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Using student evaluations to improve individual and department teaching qualities

Author

Listed:
  • Mary R Hedges

    (University of Auckland)

  • Don Webber

    () (University of the West of England, Bristol)

Abstract

Student evaluations can be seen as an opportunity for students to vent their views on the quality of teaching that they receive, and sometimes instructors trivialise the importance of this information exchange opportunity. This paper takes student evaluations of teaching quality seriously and highlights that the information can be used more effectively. It illustrates how information from evaluations can be used to identify areas where the whole department has strengths and weaknesses and where individual instructors perform relative to their own department. This information can be used to identify individuals with specific areas of expertise and shape best practice within departments, across departments and/or across institutions. It can also be used to highlight individuals who may require further training and reveal areas of mediocrity that are at risk of intervention from a higher level. Finally, it suggests ways to implement shared best practice in order to improve department teaching quality assessment results and individual teaching performance.

Suggested Citation

  • Mary R Hedges & Don Webber, 2012. "Using student evaluations to improve individual and department teaching qualities," Working Papers 20121205, Department of Accounting, Economics and Finance, Bristol Business School, University of the West of England, Bristol.
  • Handle: RePEc:uwe:wpaper:20121205
    as

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    File URL: http://www2.uwe.ac.uk/faculties/BBS/BUS/Research/economics2012/1205.pdf
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    References listed on IDEAS

    as
    1. Hamermesh, Daniel S. & Parker, Amy, 2005. "Beauty in the classroom: instructors' pulchritude and putative pedagogical productivity," Economics of Education Review, Elsevier, vol. 24(4), pages 369-376, August.
    2. Michael A. McPherson, 2006. "Determinants of How Students Evaluate Teachers," The Journal of Economic Education, Taylor & Francis Journals, vol. 37(1), pages 3-20, January.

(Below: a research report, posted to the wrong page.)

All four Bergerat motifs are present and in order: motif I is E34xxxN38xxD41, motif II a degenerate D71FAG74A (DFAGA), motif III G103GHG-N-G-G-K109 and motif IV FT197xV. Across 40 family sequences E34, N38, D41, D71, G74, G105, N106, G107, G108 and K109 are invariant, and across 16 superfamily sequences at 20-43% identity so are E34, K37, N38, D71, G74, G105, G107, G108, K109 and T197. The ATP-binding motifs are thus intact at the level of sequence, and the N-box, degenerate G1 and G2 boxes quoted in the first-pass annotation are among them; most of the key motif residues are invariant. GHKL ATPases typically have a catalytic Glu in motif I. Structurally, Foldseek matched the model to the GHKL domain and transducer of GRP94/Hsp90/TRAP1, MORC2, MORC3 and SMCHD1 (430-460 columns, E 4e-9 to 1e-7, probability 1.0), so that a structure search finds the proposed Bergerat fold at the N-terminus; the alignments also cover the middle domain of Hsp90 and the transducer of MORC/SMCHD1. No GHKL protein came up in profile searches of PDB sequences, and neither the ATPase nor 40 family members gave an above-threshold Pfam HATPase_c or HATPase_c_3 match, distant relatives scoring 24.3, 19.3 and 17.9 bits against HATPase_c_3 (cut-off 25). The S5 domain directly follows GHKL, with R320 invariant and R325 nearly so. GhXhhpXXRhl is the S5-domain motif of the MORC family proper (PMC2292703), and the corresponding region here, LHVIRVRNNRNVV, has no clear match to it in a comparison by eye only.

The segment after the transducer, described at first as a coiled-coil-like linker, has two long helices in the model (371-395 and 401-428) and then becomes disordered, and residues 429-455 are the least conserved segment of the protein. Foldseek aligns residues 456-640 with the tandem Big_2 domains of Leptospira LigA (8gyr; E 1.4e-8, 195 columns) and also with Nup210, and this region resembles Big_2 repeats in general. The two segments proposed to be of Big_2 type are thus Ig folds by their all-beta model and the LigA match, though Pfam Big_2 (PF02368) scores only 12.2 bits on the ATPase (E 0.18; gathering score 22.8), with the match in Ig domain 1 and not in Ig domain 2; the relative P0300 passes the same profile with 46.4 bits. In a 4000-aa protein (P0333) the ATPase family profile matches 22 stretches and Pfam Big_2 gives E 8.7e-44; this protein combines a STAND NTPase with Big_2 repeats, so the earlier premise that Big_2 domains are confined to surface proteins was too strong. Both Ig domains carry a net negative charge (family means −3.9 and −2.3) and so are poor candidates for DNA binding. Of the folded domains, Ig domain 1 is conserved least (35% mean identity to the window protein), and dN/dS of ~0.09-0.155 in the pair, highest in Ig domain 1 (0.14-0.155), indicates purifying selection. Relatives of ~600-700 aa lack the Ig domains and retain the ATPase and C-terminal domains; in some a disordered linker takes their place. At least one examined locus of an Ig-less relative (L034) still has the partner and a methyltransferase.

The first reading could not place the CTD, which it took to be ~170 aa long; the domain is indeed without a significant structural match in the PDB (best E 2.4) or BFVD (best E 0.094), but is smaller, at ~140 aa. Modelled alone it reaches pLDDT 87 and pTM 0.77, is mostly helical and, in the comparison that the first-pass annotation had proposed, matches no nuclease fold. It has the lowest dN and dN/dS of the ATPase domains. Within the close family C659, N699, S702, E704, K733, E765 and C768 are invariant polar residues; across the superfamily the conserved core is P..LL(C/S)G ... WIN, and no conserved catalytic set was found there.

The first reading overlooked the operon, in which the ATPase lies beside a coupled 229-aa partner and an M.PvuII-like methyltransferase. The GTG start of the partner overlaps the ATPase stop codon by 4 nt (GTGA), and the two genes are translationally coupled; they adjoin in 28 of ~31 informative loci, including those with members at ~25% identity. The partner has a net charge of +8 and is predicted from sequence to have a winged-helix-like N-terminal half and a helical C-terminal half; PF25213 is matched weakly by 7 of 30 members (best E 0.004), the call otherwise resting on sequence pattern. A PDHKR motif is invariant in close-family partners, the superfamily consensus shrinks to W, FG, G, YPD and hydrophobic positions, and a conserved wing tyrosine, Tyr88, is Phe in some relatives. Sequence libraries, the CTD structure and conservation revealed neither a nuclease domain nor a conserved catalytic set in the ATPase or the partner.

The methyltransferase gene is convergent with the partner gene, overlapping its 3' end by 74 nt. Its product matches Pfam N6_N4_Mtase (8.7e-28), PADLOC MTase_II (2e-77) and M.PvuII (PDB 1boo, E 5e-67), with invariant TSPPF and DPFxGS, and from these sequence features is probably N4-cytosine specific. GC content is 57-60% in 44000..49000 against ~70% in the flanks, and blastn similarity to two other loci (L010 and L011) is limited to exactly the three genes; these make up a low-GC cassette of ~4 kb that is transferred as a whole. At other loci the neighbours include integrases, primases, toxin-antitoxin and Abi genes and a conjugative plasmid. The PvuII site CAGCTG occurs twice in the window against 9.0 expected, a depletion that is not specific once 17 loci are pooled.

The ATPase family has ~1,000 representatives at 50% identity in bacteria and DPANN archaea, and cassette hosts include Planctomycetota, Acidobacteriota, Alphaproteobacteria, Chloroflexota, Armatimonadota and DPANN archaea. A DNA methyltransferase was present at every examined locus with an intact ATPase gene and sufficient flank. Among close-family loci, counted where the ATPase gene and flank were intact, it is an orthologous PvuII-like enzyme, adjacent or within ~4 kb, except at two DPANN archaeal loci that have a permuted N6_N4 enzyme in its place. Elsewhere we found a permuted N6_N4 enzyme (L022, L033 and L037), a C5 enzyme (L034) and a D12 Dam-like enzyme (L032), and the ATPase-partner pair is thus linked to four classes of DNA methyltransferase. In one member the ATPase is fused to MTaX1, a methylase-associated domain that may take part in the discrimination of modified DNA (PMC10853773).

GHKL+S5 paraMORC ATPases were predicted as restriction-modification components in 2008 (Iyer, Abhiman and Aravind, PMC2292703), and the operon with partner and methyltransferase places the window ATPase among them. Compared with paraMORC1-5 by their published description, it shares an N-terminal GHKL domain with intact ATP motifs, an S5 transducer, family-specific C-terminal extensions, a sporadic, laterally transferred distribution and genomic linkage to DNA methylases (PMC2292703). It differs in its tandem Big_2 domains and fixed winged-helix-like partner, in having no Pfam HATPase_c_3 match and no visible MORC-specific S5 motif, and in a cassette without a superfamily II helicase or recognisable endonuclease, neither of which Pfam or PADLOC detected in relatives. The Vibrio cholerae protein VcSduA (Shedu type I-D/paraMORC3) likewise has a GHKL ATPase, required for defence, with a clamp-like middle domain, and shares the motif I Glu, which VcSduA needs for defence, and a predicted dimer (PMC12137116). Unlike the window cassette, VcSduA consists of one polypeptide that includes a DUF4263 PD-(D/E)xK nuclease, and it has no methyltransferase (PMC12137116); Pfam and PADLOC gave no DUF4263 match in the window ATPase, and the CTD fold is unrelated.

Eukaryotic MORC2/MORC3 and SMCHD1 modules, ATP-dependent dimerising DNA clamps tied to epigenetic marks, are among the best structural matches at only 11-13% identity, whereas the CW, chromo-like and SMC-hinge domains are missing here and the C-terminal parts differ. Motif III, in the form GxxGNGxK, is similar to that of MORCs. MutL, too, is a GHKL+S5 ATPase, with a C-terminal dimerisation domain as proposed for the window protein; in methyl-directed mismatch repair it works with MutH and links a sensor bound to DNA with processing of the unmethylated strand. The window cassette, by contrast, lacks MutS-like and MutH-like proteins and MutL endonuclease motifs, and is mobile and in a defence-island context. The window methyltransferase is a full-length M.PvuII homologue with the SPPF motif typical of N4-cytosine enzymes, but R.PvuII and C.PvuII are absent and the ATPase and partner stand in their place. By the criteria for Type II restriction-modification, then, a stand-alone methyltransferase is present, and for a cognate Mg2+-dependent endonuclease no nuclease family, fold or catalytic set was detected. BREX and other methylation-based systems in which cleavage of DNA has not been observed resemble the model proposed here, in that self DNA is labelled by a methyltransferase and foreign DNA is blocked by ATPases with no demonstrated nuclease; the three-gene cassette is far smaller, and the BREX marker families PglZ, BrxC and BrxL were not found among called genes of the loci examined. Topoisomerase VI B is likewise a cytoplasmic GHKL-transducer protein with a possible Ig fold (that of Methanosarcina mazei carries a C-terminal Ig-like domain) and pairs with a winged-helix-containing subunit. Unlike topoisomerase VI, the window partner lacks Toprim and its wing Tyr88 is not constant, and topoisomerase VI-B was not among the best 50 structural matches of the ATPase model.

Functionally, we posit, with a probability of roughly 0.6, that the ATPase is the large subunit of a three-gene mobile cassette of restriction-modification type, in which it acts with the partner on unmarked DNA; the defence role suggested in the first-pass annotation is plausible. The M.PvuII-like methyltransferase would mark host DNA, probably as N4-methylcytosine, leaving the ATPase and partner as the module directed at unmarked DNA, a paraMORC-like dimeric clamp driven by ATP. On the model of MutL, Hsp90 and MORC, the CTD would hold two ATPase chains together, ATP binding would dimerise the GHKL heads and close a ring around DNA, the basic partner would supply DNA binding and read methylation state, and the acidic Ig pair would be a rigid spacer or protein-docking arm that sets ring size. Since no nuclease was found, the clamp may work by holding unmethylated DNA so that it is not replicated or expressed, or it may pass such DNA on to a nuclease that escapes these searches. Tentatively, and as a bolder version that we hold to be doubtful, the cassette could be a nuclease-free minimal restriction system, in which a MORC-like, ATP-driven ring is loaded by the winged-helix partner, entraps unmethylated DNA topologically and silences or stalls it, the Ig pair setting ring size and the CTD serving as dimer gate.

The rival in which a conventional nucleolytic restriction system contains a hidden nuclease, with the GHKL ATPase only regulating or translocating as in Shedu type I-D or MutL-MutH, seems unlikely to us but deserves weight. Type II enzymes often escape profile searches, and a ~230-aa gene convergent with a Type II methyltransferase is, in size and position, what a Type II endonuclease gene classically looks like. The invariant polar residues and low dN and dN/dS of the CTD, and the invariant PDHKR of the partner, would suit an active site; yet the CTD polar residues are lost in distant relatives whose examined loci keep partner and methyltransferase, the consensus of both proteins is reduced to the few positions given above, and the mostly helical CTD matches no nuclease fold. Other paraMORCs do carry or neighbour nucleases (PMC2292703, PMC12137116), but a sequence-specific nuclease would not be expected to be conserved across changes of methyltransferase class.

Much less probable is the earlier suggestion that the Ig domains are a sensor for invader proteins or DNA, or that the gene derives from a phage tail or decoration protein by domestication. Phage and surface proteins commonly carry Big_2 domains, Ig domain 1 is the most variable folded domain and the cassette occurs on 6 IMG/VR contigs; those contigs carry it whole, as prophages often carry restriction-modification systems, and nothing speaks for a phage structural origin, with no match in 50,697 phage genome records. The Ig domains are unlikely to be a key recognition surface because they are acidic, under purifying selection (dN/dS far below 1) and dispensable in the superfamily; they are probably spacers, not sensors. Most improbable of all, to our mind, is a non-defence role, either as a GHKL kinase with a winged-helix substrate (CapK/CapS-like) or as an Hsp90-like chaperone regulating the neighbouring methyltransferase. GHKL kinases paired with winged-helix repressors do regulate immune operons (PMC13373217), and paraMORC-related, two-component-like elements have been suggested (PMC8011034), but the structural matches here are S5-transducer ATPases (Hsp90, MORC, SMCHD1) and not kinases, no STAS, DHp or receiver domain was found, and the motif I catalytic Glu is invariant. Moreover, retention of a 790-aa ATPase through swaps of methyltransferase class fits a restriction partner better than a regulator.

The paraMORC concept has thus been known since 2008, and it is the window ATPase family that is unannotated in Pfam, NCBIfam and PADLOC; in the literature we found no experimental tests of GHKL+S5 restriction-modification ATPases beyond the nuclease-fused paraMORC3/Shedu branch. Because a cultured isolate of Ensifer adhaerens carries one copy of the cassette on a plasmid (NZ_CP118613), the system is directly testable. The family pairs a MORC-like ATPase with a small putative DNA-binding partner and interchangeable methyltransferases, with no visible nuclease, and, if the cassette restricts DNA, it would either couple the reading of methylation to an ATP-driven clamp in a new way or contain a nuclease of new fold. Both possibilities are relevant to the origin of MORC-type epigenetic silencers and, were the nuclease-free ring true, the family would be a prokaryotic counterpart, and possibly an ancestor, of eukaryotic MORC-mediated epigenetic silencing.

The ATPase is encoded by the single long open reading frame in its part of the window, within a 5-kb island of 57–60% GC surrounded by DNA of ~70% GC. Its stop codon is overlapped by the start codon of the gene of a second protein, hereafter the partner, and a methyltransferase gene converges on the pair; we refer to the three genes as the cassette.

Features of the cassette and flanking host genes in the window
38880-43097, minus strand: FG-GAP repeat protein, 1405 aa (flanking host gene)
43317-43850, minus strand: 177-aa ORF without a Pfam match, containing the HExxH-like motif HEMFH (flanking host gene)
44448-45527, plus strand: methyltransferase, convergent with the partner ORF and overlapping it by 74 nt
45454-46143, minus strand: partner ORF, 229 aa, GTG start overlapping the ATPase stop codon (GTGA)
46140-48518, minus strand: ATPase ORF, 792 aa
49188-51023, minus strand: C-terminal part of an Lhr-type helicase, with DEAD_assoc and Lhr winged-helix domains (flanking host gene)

3. Langbein, Laura, 2008. "Management by results: Student evaluation of faculty teaching and the mis-measurement of performance," Economics of Education Review, Elsevier, vol. 27(4), pages 417-428, August.
    4. Peter Davies & Ross Guest, 2010. "What effect do we really have on students' understanding and attitudes? How do we know?," International Review of Economic Education, Economics Network, University of Bristol, vol. 9(1), pages 6-9.
    5. Paul Isely & Harinder Singh, 2005. "Do Higher Grades Lead to Favorable Student Evaluations?," The Journal of Economic Education, Taylor & Francis Journals, vol. 36(1), pages 29-42, January.
    6. Richard Sabot & John Wakeman-Linn, 1991. "Grade Inflation and Course Choice," Journal of Economic Perspectives, American Economic Association, vol. 5(1), pages 159-170, Winter.
    7. Ewing, Andrew M., 2012. "Estimating the impact of relative expected grade on student evaluations of teachers," Economics of Education Review, Elsevier, vol. 31(1), pages 141-154.
    Full references (including those not matched with items on IDEAS)

    More about this item

    Keywords

    Student evaluations; Buddy schemes; Centres of teaching excellence;

    JEL classification:

    • A22 - General Economics and Teaching - - Economic Education and Teaching of Economics - - - Undergraduate

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